At 36, Rafael Nadal is still ranked in the top-2, over 17 years after cracking the exclusive group in 2005! The Spaniard returned to the top-2 in October and achieved his highest ranking position since May last year. Nadal is the record holder with 584 weeks in the top-2, standing as the third-oldest player after Ken Rosewall and Roger Federer.
Rafa lost the ground a bit in 2021, playing only 29 matches and struggling with injuries. He played only two encounters after the Roland Garros semi-final loss and took a rest ahead of 2022. Rafa made an incredible comeback this year, winning the first 20 matches and securing his first Australian Open crown since 2009!
The Spaniard came from the verge of defeat against Daniil Medvedev in the final to become the first player with 21 Major titles. Rafa fractured his rib in Indian Wells and lost the final to Taylor Fritz. He missed Monte Carlo and Barcelona and did not play at his usual level in Madrid and Rome on his beloved clay.
More importantly, his foot was in pain again, requiring injections ahead of every Roland Garros match. Nadal endured all the efforts to lift his 14th Parisian crown and deliver the 22nd Major trophy. Rafa experienced an abdominal injury at Wimbledon and could not play against Nick Kyrgios in the semi-final.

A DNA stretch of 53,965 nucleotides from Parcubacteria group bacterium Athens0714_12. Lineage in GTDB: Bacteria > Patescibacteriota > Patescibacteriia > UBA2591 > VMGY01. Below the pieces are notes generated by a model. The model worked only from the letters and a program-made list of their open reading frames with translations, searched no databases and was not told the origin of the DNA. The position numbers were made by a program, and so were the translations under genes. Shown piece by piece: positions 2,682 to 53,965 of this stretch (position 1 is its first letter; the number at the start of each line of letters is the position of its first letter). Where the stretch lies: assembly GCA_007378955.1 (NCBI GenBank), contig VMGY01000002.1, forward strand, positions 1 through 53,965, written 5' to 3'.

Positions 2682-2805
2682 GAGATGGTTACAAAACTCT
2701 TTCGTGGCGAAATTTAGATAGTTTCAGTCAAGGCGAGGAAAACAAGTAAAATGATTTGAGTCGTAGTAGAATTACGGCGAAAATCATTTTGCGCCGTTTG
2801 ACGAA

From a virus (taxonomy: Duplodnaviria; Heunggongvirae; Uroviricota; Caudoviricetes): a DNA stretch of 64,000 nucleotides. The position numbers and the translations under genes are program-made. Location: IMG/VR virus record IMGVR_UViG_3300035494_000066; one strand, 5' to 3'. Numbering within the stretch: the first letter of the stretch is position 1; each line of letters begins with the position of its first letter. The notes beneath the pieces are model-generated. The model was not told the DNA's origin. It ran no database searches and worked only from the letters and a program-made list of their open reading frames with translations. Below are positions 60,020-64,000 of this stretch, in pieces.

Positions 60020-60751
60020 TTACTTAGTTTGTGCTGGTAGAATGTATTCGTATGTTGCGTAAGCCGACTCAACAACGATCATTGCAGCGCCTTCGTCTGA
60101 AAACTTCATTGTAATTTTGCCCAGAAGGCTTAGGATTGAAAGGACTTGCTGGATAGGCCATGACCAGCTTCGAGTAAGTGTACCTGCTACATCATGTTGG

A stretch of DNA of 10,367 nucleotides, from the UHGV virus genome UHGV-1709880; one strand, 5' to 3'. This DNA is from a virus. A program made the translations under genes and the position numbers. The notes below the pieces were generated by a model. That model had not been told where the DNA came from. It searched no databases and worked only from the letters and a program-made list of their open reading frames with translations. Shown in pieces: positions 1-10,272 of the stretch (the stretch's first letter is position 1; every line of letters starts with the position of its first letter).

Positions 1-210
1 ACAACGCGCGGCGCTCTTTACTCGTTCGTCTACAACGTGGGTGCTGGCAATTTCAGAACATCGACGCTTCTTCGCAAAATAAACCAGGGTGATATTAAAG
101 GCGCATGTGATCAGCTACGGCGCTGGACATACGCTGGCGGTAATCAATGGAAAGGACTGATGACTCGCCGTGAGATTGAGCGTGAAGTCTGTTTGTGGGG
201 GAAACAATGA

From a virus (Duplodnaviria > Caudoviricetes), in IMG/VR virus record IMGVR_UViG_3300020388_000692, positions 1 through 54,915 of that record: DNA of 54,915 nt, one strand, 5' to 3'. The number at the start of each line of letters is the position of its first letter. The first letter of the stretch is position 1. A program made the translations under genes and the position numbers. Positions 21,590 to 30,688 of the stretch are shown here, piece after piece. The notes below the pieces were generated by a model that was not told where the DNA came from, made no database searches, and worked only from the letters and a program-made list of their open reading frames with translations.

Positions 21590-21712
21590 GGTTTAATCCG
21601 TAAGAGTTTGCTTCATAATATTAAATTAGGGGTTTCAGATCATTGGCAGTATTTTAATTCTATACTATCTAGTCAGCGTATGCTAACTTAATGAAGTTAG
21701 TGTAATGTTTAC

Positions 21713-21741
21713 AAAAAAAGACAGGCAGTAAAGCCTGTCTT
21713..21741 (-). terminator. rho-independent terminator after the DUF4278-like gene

The Spaniard skipped Canada and played only one match in Cincinnati.
Rafael Nadal is not interested in the No. 1 battle.
Giving his best at the US Open, Rafa fell in the fourth round to Frances Tiafoe, feeling the pain in his abdomen and serving miles below his best.
Thus, the legend missed the opportunity to become world no. 1 again, handing the honor to Carlos Alcaraz. It's Nadal's last singles match so far, and it will change tomorrow at the Paris Masters. The Spaniard returns to action against Tommy Paul, hoping for a good run and a chance to fight for his first Paris Masters title.
Rafa is under 900 points behind Alcaraz on the ATP Race list. Still, he does not think about becoming world no. 1 again, achieving that in 2008 and seven times after that and collecting 209 weeks on the ATP throne. After many injuries, Nadal only wants to play competitive tennis without thinking about ranking.
"To clarify, I will not chase the No. 1 spot in the future. I did that in the past and achieved the goal a couple of times in my career. I'm proud that I'm on the list of No. 1 players, but I can not think about that at this stage of my career. My only goal is to play competitive tennis every time I step on the court," Rafael Nadal said.